“That’s a little tough, as a son, to read,” Donald Trump Jr. said after reading the post on “Triggered,” his live show on the conservative video network Rumble. “That’s a little hard. But probably not wrong.”


Thirteen months ago, near the end of a candidate cattle call in South Carolina, Vivek Ramaswamy announced an emergency press conference. “What I’m about to say has nothing to do with Donald Trump,” he explained, “and everything to do with the election integrity of a self-governing democracy.” Trump had just predicted that Bragg would indict him; Ramaswamy condemned that, and wanted every other GOP contender to join him.

I didn’t appreciate it at the time, but this was the end of the Republican primary. You can ask Ron DeSantis: Weeks before losing the Iowa caucuses, he told the Christian Broadcasting Network that Trump’s indictments “sucked out all the oxygen” out of the race. He’d tested whether the news could pry votes away from Trump, first joking that “I don’t know what goes into paying hush money to a porn star,” then promising to protect Trump — “I will not assist in an extradition request given the questionable circumstances at issue with this Soros-backed Manhattan prosecutor.”

What explained that quick, strange turnaround? DeSantis found out that Republican voters considered the Bragg case, like all of the Trump cases, an election-rigging sham. Ramaswamy, who knew that immediately, never figured out a way around the issue either; he closed out his own campaign with the slogan “Save Trump, Vote Vivek,” a convoluted, podcast-ready argument that the MAGA movement needed him as a backup, in case the deep state took out Trump.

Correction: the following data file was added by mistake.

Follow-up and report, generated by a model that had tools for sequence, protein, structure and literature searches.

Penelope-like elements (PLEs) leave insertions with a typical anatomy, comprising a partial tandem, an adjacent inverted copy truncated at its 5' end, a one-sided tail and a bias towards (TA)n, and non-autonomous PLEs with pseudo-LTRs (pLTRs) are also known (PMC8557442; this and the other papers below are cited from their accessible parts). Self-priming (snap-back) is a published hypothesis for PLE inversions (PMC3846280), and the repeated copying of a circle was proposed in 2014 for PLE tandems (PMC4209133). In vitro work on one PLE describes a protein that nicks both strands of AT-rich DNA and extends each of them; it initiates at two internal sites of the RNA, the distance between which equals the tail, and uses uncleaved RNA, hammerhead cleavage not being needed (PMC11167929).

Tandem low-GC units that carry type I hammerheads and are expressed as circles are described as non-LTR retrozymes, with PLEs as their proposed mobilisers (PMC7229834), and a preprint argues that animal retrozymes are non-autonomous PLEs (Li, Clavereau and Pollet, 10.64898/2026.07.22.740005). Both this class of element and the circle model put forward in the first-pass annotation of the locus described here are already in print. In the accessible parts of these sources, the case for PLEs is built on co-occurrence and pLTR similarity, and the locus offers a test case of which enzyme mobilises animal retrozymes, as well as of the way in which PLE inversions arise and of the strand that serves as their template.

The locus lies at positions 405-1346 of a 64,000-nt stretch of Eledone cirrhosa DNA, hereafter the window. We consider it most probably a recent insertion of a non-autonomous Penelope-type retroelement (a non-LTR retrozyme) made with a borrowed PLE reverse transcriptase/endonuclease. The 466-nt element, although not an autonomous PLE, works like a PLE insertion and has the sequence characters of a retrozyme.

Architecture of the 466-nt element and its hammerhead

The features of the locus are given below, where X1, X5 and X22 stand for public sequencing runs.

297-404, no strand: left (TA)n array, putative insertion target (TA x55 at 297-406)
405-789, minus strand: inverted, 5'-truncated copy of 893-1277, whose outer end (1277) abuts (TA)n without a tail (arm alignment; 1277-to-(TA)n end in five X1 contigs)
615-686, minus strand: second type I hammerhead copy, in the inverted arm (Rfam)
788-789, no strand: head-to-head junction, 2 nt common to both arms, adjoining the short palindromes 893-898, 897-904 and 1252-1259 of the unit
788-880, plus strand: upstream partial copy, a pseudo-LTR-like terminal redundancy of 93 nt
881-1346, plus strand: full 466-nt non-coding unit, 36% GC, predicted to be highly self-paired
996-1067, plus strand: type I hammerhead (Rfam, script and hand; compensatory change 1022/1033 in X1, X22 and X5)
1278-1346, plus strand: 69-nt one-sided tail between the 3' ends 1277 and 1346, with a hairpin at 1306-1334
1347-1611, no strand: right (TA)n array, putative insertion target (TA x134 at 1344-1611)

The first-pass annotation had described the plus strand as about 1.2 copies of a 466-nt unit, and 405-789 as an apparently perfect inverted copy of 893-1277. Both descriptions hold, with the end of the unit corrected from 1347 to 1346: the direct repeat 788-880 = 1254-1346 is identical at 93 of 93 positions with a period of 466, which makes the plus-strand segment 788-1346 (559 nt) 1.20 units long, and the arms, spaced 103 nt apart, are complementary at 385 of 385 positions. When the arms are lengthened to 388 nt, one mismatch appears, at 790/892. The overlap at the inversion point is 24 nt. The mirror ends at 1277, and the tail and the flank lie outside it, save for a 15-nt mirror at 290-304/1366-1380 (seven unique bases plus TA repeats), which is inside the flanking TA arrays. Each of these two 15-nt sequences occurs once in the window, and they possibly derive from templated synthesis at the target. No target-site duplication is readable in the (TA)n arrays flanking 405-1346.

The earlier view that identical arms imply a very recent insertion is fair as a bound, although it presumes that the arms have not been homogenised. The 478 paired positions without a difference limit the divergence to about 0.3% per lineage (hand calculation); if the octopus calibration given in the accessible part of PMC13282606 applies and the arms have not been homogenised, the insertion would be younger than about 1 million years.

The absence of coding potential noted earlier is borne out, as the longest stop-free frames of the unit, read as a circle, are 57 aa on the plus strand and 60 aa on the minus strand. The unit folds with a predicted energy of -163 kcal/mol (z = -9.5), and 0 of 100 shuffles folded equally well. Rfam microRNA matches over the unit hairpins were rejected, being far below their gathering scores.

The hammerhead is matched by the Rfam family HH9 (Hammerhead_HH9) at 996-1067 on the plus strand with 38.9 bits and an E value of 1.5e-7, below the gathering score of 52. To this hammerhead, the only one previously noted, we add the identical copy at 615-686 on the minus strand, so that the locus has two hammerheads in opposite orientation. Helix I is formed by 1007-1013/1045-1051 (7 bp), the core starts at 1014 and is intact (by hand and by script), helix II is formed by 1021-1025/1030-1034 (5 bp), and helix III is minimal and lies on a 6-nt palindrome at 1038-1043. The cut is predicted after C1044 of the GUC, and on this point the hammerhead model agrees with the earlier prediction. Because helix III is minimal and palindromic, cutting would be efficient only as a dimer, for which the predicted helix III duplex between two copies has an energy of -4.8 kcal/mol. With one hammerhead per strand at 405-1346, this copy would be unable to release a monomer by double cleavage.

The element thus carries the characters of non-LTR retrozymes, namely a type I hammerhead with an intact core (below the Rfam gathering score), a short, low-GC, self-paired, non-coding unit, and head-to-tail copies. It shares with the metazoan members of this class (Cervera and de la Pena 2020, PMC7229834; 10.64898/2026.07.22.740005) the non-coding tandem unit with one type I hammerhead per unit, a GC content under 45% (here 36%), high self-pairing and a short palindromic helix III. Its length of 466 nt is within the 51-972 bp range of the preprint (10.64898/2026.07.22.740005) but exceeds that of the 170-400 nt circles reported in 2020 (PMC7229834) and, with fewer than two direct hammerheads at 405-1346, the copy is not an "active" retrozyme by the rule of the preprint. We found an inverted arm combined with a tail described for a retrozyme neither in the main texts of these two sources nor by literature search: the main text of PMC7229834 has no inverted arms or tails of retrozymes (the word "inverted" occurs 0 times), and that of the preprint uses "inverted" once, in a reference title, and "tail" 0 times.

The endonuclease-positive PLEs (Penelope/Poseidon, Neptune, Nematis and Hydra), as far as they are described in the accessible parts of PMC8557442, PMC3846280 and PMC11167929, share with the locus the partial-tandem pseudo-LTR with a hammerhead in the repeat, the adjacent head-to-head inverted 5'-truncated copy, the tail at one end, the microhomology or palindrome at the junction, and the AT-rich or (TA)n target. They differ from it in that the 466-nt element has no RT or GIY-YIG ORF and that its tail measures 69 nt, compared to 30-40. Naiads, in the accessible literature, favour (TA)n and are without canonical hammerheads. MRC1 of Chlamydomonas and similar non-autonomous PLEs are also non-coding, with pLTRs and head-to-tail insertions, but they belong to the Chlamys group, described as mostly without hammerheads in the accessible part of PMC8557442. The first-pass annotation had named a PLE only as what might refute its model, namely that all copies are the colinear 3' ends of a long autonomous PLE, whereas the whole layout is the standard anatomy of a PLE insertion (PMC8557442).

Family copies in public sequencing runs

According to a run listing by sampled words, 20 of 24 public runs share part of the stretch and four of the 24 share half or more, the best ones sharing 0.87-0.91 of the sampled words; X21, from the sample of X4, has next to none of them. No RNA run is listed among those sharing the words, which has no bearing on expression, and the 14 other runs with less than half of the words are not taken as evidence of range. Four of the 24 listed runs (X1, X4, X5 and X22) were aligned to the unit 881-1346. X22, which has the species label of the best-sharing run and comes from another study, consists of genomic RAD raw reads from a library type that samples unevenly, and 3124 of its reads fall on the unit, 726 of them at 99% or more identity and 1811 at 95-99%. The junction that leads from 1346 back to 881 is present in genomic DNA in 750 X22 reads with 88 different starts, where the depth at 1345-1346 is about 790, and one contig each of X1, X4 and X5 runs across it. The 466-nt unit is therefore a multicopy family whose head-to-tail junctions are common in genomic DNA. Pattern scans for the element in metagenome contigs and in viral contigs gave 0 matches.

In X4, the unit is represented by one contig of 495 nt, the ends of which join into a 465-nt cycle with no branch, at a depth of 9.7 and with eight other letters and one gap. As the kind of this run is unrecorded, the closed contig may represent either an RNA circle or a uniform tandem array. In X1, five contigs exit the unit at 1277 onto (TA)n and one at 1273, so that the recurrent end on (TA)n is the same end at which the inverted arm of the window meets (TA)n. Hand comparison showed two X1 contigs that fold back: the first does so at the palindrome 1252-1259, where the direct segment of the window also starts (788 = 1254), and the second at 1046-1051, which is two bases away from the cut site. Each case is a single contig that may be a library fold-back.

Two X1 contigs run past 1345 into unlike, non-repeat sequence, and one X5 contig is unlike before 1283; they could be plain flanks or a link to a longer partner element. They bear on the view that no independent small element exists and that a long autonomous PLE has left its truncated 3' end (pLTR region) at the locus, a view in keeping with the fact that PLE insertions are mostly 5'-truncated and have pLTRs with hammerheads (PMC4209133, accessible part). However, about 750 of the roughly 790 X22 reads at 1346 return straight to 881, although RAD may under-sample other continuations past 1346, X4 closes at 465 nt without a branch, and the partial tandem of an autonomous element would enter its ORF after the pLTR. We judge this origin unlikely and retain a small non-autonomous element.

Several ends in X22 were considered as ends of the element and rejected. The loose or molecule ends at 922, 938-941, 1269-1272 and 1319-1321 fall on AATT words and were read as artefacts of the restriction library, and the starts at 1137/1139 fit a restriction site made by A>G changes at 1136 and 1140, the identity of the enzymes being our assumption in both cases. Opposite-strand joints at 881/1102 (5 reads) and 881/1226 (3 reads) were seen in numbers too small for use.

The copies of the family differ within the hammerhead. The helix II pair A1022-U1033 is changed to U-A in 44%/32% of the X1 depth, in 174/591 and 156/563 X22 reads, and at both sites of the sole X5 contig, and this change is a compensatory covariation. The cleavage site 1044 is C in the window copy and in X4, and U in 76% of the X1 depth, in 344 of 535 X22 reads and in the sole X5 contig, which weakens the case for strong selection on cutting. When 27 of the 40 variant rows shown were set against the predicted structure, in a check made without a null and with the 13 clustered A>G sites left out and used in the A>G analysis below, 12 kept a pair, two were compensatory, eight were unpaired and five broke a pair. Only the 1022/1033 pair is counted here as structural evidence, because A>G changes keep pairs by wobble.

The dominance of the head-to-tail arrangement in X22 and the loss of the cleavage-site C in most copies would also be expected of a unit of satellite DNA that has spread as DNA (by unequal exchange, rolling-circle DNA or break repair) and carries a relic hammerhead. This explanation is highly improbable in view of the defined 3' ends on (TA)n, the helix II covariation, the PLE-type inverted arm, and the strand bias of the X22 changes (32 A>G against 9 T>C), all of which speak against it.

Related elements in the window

It wasn’t obvious that Trump would be convicted, but it was clear that conviction wouldn’t change these facts. Democrats used to panic about Hillary Clinton’s legal problems, worrying (correctly) that swing voters would be squeamish about electing a president under occasional threat of indictment. Republicans don’t think that way about Trump. Most voters have told pollsters that Trump committed a crime, when he directed a $130,000 payment to Stormy Daniels to prevent her story of a sexual encounter with him from being told before the 2016 election. Republicans, almost to a man, say otherwise. Their goal isn’t changing public opinion about Trump, but attacking the verdict from so many angles that those nervous voters think again.